I’ve shared this story on several occasions in several different ways. I don’t think I’ve ever shared it here. Todd Bussey might be tired of it. But I’m not. And I’ve decided that it is altogether fitting to share it today as we wish Todd countless blessings as he begins the next chapter of his ministry life.
There I was –
some 40 feet in the air. A helmet was strapped to my head. A harness was firmly fastened around my body. I was safe. But I was stuck. I wasn’t going anywhere.
It was one of my first years as a Boy Scout and we were participating in the high ropes team building course the National Boy Scout Museum in Murray, Kentucky. The climax of the afternoon was climbing a giant tower and then walking across a high wire from one tower to another. I could choose to take one of thee routes to this second tower. I chose the path that was most difficult.
Of course I did. I had to look cool in front of my friends, didn’t I?
I chose the path called The Hourglass.
The Hourglass is made up of a single wire to walk on a wire to hold onto. As you’re walking across the wire that’s suspended among the treetops, the wire that you’re holding onto is gradually sloping downward. Once you’re in the middle of the path, the wire that you’re holding onto has descended enough that it is actually attached to the foot wire.
How high did I say this course was? Forty feet? Felt like 75.
So there I was, 125 feet in the air, squatting down on a wire, holding on to another wire for dear life. Behind me was another wire that was attached to the wire at my feet. That second wire slopes upward and leads to the second tower at the end of the course.
There was a trick. One I didn’t expect. There, in the middle of the course, 235 feet in the air, I had to let go of the wire in order to adequately turn my body and grab hold of the other wire and make my way toward safety.
My head knew what I needed to do. I think my heart even knew. But my body? Not so much.
That was crazy talk. I was hanging 376 feet in the air. That cord at my feet was my only lifeline. And I was supposed to let go? There was no way I was letting go of that wire.
So I squeezed harder. My knees started to shake. The wire I was standing on started to sway. Sweat ran down my brow and started to sting my eyes. I was in bad shape. Things were looking bleak.
I was certain I was going to die up there. I just wasn’t sure how. Maybe I would shrivel up and die from dehydration. Or maybe I would just shake myself into oblivion. Or maybe my safety harness would wear out and I would tumble 563 feet to my doom.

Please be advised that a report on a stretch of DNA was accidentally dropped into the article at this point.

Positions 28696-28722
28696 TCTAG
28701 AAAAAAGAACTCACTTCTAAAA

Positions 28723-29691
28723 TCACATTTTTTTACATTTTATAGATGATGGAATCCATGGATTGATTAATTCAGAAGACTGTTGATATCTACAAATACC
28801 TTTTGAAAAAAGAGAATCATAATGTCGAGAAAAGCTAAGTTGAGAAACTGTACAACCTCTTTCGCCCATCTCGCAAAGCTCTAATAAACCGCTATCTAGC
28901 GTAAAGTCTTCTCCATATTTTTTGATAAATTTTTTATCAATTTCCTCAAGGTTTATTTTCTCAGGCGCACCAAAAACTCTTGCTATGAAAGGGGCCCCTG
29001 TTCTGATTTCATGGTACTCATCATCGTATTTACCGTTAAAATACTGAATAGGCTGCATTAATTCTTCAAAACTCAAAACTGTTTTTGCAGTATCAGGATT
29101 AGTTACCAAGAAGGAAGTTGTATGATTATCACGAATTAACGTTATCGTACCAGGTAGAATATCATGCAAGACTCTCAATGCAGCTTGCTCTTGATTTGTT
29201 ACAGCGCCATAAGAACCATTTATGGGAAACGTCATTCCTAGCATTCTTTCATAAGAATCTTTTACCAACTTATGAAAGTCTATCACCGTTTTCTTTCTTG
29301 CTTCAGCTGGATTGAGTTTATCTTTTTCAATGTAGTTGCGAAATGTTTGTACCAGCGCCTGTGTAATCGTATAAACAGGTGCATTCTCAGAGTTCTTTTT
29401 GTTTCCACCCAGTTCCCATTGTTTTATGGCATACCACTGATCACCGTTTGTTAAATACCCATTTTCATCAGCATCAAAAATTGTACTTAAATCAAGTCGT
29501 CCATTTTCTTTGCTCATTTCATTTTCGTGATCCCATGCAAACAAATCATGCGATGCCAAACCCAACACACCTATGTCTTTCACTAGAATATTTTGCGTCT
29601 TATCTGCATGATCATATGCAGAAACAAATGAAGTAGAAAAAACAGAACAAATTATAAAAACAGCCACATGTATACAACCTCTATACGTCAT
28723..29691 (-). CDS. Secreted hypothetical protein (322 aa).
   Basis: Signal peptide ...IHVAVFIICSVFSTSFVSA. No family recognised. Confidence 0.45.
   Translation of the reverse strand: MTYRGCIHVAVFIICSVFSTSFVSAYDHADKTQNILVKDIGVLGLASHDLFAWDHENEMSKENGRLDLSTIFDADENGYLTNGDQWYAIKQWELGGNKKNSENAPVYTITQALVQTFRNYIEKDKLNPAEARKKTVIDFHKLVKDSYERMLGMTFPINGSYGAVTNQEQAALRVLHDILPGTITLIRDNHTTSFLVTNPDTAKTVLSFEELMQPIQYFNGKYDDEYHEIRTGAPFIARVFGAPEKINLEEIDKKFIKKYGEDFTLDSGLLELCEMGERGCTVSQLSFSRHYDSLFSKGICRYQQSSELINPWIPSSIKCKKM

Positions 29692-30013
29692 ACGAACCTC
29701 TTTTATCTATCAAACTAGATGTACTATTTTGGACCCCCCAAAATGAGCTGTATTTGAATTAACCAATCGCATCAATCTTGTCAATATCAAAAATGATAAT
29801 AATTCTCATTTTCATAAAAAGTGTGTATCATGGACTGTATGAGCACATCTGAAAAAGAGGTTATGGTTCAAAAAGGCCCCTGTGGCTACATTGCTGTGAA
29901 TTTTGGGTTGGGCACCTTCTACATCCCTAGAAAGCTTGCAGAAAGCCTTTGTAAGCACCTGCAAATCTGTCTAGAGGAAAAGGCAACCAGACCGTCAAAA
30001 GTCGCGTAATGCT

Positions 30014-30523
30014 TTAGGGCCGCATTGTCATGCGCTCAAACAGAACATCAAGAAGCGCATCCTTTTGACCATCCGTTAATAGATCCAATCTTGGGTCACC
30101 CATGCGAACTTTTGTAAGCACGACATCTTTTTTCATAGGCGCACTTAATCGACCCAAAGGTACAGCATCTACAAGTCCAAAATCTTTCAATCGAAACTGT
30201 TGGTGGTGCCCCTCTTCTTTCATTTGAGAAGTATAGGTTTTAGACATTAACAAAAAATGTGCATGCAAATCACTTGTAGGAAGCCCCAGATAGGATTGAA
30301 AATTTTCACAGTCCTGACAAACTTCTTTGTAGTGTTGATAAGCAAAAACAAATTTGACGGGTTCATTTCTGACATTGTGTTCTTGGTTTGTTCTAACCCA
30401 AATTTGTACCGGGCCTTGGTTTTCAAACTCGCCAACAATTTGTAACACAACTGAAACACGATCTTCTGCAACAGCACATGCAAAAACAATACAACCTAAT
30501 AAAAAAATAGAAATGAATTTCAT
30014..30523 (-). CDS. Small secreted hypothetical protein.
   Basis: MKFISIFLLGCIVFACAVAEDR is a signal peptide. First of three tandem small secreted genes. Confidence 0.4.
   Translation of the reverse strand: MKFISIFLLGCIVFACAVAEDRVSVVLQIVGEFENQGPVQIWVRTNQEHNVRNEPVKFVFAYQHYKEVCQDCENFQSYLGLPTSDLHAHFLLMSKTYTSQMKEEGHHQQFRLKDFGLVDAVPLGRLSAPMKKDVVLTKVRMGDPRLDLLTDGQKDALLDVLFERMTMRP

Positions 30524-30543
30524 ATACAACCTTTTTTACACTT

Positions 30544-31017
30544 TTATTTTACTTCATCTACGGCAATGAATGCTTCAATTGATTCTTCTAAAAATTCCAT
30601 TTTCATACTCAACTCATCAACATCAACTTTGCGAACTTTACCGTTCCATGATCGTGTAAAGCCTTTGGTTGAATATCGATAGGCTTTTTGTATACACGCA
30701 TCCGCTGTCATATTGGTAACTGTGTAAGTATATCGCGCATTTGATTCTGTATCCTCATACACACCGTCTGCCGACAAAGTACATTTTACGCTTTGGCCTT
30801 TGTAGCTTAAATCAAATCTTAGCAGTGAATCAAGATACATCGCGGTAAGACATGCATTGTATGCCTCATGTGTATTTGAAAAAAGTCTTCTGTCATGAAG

So I stayed there and waited for my certain death. At least I had my safety helmet on, so when I finally fell to oblivion, the staff could sweep up all of the pieces into my helmet, wrap it up, slap a sticker on it and send me home on my way.
Friends down below were shouting encouragement. “Just let go with one hand! Everything will be OK!”
Of course, every time I tried that, the tightrope would shake. I’d panic. And then I’d find myself gripping the wire even tighter.
After an eternity, which was probably no more than five or six minutes in realtime, something unexpected happened. I heard a familiar voice from the tower.
“Matt,” the voice said. “I’m coming to you. We’re going to finish this together.”
It was Todd Bussey, my youth minister. He had come with our Troop on this camping trip, and had already taken his turn on the high ropes course. He had strapped on the safety equipment and was already making his way towards me on a nearby obstacle.
It only took a few seconds after he came out to me. He calmed me down. He coached me through the next steps and encouraged me as I let go of the wire and grabbed the other one. The rest was a piece of cake.
I survived the Hourglass. And I owe it all to Todd Bussey.
Todd is wrapping up a ministry at my home church that began back in the 1980s. He’s moving his family to Florida to write a new chapter of ministry with some new church work.
Tough life, huh?
But he’s going to help turn the region upside down. Perhaps he’ll even shock the world. Because that’s what Todd does. It’s what he’s always done.
Todd baptized me. He co-officiated my wedding. He ordained me. And if something unfortunate were to happen in the near future, I hope he’ll bury me, too. We went on our first Philmont trek together. And he coached me through some important merit badges in Scouting, including Communication and Citizenship in the Nation. Of course, he was also a spiritual mentor of mine. We have some pretty great memories from five Summers in the Son together. Oh, and we were the Summer in the Son volleyball champions of 1990, even though we were the clear underdogs. And he even introduced me to A-180/Audio Adrenaline.
His story has been wrapped into my story for the past 30 years.
And I share this story about the high ropes course because it’s a nice little illustration of what he has done for me over and over and over again.
As a ministry coach, a spiritual advisor, a pastor, and a friend, Todd has always been there for me. He was there when my dad had a heart attack. He was there when I needed a listening ear after I left my first professional ministry. And he helped guide me through preparing for my first funeral as a preacher.
Just like when he was there for me 722 feet in the air, I have always been able to count on Todd Bussey to be there for me. And I know there are many other people who feel the same way.
This leaves a large hole in my home church’s leadership. Shoot, it leaves a large hole in the entire Tri-State area. But Evansville’s loss is going to be Jacksonville’s gain.
This most definitely is not goodbye, it’s “see you later.” In Florida. I can’t wait to see how God uses Him in this new chapter!